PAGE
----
Remember the 2014 Ice Bucket Challenge? It was a social media giving phenomenon that started when three young men living with amyotrophic lateral sclerosis (ALS) inspired their communities to spread awareness about the disease. More than $220 million was donated to ALS charities worldwide, most of which was contributed to the ALS Association, the organization that championed the Ice Bucket Challenge.
A friend sent me an article shaming salaries of various executive leadership of the national organization, which sadly made him believe that the organization was a scam. Given my experience working with many organizations, both in-house and as a consultant, I reassured him that the ALS Association is legitimate and donations indeed go towards research and programs for those affected by ALS. In fact, thanks to the sudden outpouring of public donations to the cause, groundbreaking research discoveries have been made and drug development has progressed for ALS.
As a donor who wants to do good and give back, it’s easy to feel disheartened when exposed to scandalous articles that share half-truths and misinformation. That’s why now, more than ever, it’s important that we become educated donors and make informed giving decisions instead of being passive about philanthropy. With the holiday season upon us, thousands of organizations will be approaching the community with annual year-end appeals making it difficult to decide which ones to give to.
Here’s how we can become better-informed donors:
1. Remember why you want to give.
Whether to support a cause you care about, embrace the public good by “giving back” to society, to qualify for tax incentives, or reciprocate a request from a friend involved with charity, understanding what motivates you to become a donor will quickly narrow down your list of organizations to give to.
2. Establish a budget.
Determining how much you can or would like to give alleviates pressure you may feel when being bombarded with contribution requests. You can boost your overall giving capacity by allocating gifts in various times of the year whether it’s bi-annual, trimester or quarterly. Utilizing this trick may help you find gaps and identify which seasons you’re able to give more.
3. Understand that not all causes and campaigns are run by a registered 501(c)(3) organization.
The rise of crowdfunding campaigns and online portals has made donating a bit trickier because individuals and causes utilizing platforms such as GoFundMe or Kickstarter are not required to be associated with a charitable organization. Vet these types of contribution requests carefully to avoid actual scams and remember that donations to individuals are not tax-deductible.
… now, more than ever, it’s important that we become educated donors and make informed giving decisions instead of being passive about philanthropy.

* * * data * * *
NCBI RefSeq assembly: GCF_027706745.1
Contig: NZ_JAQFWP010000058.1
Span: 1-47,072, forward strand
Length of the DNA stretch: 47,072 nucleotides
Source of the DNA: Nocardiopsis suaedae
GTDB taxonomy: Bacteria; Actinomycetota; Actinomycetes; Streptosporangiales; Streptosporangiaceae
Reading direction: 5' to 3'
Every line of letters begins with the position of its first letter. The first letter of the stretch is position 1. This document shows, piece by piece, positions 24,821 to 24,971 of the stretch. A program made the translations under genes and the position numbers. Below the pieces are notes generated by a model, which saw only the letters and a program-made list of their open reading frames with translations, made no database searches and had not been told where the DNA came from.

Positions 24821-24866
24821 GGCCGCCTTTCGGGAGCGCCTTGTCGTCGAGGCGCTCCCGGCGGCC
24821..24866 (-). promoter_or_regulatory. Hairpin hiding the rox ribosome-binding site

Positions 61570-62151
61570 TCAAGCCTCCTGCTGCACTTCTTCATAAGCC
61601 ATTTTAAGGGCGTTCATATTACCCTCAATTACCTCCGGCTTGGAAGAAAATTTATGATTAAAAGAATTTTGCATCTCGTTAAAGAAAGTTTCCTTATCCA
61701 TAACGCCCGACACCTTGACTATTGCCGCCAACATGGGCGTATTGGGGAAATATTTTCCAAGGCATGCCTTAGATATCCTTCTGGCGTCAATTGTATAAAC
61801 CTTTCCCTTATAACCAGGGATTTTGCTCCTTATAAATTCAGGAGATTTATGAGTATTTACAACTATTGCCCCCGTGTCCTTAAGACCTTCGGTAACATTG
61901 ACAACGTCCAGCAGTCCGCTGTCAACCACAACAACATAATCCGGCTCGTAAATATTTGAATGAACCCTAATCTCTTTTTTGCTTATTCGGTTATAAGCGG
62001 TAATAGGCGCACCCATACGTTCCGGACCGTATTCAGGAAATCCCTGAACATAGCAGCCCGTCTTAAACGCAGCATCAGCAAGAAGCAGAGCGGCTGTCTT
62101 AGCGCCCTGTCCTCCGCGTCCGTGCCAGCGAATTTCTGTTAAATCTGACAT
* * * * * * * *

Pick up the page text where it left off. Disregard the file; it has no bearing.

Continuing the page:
4. Check the organization’s 501(c)(3) status.
If it’s important that your gift is tax-deductible, verify that the cause you’re contributing to is recognized by the IRS as a 501(c)(3) organization. You can check online by visiting the IRS website. If you can’t find the chosen organization listed on the IRS website, kindly ask the organization for a copy of their IRS determination letter.
5. Research the initiatives of a given organization.
Check out the organization’s website and social media. You’ll get a sense of who else is supporting the cause and what types of programs and services are offered to the population it serves. Information such as mission, accomplishments, the governing board and finances are public and readily available upon request or through watchdog institutions such as CharityNavigator and GuideStar.
6. Decide if the organization is actually making an impact.
Upon doing your research from the previous point, it’s important to consider what the organization has done, what impact has been made from fulfilling its mission and what successes and failures have resulted from its initiatives. While successes aid in understanding what works effectively, failures help recognize what can be improved. If the organization is newer, discover its plans for program execution and evaluation.
Becoming an informed donor not only ensures that you’ll contribute to an effectively operating organization, but will also enhance your giving experience. Further educating yourself as a donor will deepen your connection to a cause and will hopefully create a long lasting relationship between you and the organizations you choose to support.
It’s a win-win situation – you’ll be confident giving to causes whose missions you strongly believe in and your chosen organizations can be more sustainable thanks to your knowledge and support!
How do you determine what you give to during the holidays?
Feature Image via Maddie Greer